15. Rob Z wrote: : None of the gospels say she wasn't there, right? Right. It's kind of puzzling, actually. John's gospel says she was present at the Crucifixion. Luke-Acts pretty much says that she was present for the Ascension (or, at the very least, that she was present in the Jerusalem church during the ten-day window between the Ascension and Pentecost). But *none* of the gospels place her at the Resurrection, which took place *between* the Crucifixion and the Ascension and would have been an opportune time for Jesus to appear to her. The absence of any reference to Jesus' *mother* at the Resurrection becomes even more puzzling when you consider that Cleopas, one of the two disciples on the road to Emmaus, was quite possibly Jesus' *uncle*. So Jesus appeared to at least *one* of his relatives in the gospels (and according to Paul, Jesus appeared to his brother James as well; presumably that's why the brothers of Jesus are also present in the Jerusalem church between the Ascension and Pentecost). But not his mother! Anyway. Curious stuff, this. : If I remember, in Rossellini's The Messiah, in which Mary also plays a larger role, the resurrection is also very rushed. I think we see some people going to the tomb, led by Mary Jesus' mother, they hear the report of the empty tomb from the women, then Mary runs to the empty tomb, she falls to her knees and raises her hands and eyes heavenward...and that's the end. We never see the resurrected Jesus, which is in line with the film's tell-don't-show approach to miracles, but still a little jarring to have the resurrection itself affirmed without showing Jesus. Yes. The National Geographic Channel movie Killing Jesus did something similar: Mary and a few other people find the tomb empty, and then Peter has a second really large catch of fish, and everyone just kind of basks in the knowledge that Jesus is somehow still with them... : Rossellini's Mary is played by the same actress throughout the film, so she looks like she could be the adult Jesus' teenage daughter! Yes, there are a few other films that do something similar, like Cecil B. DeMille's The King of Kings, where Jesus is played by an actor in his 50s while Mary (who appears at the Resurrection here, too!) is played by an actress in her 20s. This apparently has something to do with Catholic traditions regarding Mary's incorruptibility. (Some Catholic Facebook peeps were talking just the other day about the reasoning that went into Michelangelo basing the Mary of his Pieta on a younger woman, rather than an older woman.) : Actually, a disciple--I can't recall which--is about to strike with the sword but then Jesus says "Put away the sword..." which in the gospel text he says after the ear is cut. But in the film, the disciple listens and doesn't strike. That's a striking omission (the fact that the film shows a disciple drawing his sword but omits the moment of violence itself). I wonder to what degree that might have been influenced by Pasolini's desire to avoid the expectation that Jesus would heal the servant's ear afterwards (a miracle that appears only in Luke's gospel, not in Matthew's).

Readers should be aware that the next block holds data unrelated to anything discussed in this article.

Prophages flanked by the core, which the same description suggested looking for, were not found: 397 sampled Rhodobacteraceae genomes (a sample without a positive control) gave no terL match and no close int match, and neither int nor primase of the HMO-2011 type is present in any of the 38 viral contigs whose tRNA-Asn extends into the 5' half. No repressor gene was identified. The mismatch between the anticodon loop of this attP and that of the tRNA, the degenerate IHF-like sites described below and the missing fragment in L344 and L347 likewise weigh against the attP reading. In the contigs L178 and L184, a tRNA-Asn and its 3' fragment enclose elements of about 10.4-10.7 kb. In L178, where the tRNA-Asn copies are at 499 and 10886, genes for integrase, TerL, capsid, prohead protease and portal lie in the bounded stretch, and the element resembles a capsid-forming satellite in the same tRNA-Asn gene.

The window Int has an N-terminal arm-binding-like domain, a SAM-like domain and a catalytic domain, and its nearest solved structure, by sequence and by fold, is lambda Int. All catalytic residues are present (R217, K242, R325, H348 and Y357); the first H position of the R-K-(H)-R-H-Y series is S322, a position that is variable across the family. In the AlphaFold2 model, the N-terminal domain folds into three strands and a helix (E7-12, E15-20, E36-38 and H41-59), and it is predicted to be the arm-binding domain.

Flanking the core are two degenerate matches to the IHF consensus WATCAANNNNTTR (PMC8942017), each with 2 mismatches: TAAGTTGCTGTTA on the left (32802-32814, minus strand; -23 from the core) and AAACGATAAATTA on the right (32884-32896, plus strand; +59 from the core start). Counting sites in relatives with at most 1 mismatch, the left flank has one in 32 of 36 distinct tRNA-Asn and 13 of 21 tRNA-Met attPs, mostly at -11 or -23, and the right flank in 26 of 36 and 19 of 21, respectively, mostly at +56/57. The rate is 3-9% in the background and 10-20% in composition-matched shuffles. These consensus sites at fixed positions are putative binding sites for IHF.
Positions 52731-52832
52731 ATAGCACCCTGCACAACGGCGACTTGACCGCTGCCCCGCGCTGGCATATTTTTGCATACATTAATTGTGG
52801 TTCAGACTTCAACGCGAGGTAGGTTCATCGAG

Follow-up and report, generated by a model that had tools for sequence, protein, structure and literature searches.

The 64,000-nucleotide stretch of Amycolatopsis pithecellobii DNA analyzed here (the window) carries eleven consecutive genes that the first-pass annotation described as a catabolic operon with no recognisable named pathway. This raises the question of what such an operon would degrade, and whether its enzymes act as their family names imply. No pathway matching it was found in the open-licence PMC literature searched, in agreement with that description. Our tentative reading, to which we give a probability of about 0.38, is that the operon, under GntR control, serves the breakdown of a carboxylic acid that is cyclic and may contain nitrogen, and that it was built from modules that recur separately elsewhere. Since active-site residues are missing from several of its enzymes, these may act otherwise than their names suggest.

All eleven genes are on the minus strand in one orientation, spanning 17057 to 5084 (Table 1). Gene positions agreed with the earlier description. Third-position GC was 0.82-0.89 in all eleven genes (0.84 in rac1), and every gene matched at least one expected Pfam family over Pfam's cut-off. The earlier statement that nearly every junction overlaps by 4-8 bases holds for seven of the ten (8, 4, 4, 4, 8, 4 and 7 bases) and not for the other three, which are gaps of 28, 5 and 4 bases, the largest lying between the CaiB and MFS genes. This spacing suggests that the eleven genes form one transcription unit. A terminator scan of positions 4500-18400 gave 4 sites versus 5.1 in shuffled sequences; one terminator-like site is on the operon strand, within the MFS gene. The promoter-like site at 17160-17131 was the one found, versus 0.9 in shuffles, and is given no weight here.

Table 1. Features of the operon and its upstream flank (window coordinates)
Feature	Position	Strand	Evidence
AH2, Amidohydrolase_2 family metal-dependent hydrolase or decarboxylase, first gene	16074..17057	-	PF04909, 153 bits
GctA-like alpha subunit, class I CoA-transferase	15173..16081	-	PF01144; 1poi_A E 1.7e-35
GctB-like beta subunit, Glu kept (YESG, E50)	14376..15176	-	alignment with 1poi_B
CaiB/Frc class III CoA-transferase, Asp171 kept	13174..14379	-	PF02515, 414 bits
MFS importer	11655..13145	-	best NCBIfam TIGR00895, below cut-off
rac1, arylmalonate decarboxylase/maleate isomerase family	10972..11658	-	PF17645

16. Ok, finally watched this tonight. I really liked the trick of having the tarot deck be in color while the rest of the movie was in black-and-white. I'll be honest, this was a difficult movie for me to get into. With the exception of a couple of Chabrol flicks, that's par for the course for me re: French New Wave. But there's a lot of interesting stuff going on--some of the editing is rough, but not in a "they don't know what they're doing" way; the opposite, in fact. One sequence that puzzled me, initially, was the short film they watch at the movie theater. For one thing, it's almost painfully unfunny. For another--well, it seemed like a bizarre interpolation. But as the movie developed it became apparent that the whole larger film is played off of, inverted or parodied, in the short film. Which then made me wonder if the short isn't too on-the-nose. It's a neat sequence, once it snaps into place. I can definitely see why this would go on a list of "films about waking up." I really want to hear what some of y'all have to say about this one.